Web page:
U.S. District Court Judge Norman K. Moon granted beagle-breeder-for-testing Envigo a partial win on Friday, allowing the facility to complete contracts for more than 500 dogs while a Department of Justice lawsuit against the Cumberland facility proceeds.
“Those dogs have been abused, and the right thing to do would be to let them be adopted and have a loving home like those who have been adopted,” State Senator Jennifer Boysko (D-Fairfax) told The Virginia Star.
The Cumberland facility has had violations of animal protection regulations in multiple USDA inspections, and PETA conducted its own investigation, revealing concerning conditions. A coalition of Republicans and Democrats in state and federal government has formed advocating for better federal enforcement of laws while expanding Virginia’s laws against animal abuse, although attempts to completely ban breeding-for-testing have failed.
Legislators have also been working with non-profits to help adopt surplus beagle puppies at the facility, part of an agreement with Envigo to save them from euthanasia.
After the DOJ filed its suit earlier in 2022, Envigo announced plans to close the Cumberland plant and a facility in Dublin.
“The announced closure of the Dublin, Virginia, facility is part of Inotiv’s ongoing restructuring and site optimization plan which includes the previously announced closure of facilities in Haslett, Michigan, and Boyertown, Pennsylvania,” Inotiv President Robert Leasure, Jr. said in a press release. “Closing the Dublin facility will also reduce anticipated capital expenditure needs at this site. The current production in Dublin will be relocated to other facilities which have recently been expanded or refurbished. We believe our site restructuring and optimization plan will provide the Company with additional operational efficiencies and will allow customers to be better served from existing, refurbished locations. We expect these three facilities’ transitions to be complete by December 2022,”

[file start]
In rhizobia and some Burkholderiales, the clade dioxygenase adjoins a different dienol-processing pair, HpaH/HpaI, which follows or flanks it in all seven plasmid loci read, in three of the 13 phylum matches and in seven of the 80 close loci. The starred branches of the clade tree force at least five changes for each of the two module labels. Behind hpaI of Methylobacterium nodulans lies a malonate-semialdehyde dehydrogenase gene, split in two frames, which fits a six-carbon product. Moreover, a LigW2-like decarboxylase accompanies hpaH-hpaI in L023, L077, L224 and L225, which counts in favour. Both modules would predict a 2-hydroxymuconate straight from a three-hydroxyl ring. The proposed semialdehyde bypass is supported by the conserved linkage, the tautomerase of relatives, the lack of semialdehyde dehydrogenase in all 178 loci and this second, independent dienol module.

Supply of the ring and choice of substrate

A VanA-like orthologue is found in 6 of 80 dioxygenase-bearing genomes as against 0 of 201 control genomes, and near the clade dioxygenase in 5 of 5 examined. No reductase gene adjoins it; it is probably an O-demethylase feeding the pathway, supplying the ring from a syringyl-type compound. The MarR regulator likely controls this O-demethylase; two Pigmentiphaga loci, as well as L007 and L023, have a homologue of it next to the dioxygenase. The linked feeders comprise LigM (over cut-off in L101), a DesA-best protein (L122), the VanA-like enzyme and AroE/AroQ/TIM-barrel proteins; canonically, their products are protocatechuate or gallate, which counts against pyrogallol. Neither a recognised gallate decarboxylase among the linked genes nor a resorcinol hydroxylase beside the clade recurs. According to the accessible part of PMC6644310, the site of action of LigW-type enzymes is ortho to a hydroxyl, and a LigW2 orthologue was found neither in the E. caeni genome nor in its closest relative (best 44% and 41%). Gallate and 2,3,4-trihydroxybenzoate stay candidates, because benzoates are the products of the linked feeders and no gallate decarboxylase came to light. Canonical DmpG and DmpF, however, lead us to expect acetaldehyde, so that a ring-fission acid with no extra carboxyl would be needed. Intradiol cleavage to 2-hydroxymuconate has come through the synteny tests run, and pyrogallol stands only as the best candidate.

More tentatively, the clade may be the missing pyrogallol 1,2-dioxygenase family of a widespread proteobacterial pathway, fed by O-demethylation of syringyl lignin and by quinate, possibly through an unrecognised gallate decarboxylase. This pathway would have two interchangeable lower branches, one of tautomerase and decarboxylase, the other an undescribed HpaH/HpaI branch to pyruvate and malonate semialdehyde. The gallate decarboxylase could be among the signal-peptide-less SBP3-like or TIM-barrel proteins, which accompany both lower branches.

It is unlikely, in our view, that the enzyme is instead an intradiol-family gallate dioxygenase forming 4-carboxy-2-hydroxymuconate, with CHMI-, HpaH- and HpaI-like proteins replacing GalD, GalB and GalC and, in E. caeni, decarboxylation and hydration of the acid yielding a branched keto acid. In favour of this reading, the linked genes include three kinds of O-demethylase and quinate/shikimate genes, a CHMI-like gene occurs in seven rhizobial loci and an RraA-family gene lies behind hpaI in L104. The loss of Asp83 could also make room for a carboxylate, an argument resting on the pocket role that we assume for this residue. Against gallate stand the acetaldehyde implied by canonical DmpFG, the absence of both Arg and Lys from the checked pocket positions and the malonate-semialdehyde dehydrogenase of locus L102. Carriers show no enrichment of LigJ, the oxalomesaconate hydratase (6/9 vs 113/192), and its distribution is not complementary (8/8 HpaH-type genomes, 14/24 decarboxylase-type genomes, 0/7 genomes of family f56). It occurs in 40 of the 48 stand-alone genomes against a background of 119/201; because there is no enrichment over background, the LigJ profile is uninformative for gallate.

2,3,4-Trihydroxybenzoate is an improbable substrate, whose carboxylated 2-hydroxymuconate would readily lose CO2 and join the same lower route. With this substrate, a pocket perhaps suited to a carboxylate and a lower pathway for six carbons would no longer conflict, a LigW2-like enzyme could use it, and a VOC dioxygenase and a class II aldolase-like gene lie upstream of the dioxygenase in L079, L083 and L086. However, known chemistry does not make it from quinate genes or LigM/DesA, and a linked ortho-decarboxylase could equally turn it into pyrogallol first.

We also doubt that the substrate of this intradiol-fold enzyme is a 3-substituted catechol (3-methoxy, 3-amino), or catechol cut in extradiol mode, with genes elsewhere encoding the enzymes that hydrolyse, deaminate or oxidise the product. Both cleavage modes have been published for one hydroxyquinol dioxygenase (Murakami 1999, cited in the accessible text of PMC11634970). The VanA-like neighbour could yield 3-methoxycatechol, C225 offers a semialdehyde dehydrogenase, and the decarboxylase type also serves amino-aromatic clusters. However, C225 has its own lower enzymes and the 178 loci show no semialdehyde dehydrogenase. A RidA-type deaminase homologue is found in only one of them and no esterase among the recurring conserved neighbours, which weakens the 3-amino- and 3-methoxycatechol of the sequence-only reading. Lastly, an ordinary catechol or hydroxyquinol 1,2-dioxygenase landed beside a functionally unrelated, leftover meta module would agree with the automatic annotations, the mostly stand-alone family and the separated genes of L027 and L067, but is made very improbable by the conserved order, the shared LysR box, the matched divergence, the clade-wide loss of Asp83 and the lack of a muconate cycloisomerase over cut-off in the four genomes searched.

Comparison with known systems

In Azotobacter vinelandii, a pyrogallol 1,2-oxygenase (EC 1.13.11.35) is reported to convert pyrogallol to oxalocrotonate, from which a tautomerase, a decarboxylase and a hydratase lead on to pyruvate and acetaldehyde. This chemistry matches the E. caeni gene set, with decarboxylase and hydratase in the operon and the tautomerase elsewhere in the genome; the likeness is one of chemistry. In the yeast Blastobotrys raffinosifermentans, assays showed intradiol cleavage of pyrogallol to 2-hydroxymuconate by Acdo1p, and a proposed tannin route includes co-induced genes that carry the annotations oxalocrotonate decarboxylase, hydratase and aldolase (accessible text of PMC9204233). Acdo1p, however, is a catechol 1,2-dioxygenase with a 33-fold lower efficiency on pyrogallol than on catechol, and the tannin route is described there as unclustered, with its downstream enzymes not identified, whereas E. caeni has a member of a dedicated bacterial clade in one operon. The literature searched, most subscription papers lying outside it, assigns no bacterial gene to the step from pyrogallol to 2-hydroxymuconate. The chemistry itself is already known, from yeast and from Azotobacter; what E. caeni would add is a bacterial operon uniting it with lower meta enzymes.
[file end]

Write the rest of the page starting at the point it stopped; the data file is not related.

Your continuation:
Moon’s order issued Friday grants the DOJ part of the injunction requested, forcing Envigo to comply with the terms of the Animal Welfare Act, a part of the injunction which Envigo did not contest.
Moon wrote in his decision that while the government did successfully argue that requiring compliance with regulations is in the public interest, the request to ban Envigo from completing remaining contracts is not “clearly tailored to preventing further harm to animals at the Cumberland facility.”
“It stands to reason that for every animal that leaves the facility, whether it be by sale or adoption, there is one fewer animal that can be harmed by the facility’s AWA violations. Nor has the Government offered any reason to believe that allowing these sales to go forward would impose any concrete burdens upon it,” he wrote.
“On the other hand, there is good reason to think that the public interest would be better served by allowing Defendant to fulfill its contracts,” he added.
Moon said that’s not a free pass for Envigo, and that when a final judgement is made in the lawsuit, the company could face punishment.
Envigo’s parent company Inotiv didn’t respond to a request for comment on the judgement.
In a press release, PETA Senior Vice President of Cruelty Investigations Daphna Nachminovitch said Envigo should allow the remaining dogs to be adopted out.
“Inotiv took in nearly $225 million in just the past six months — and less than one percent of that was from selling dogs—but it wants to wring every last penny out of the exploitation of these long-neglected dogs, who have already been through so much,” Nachminovitch said.
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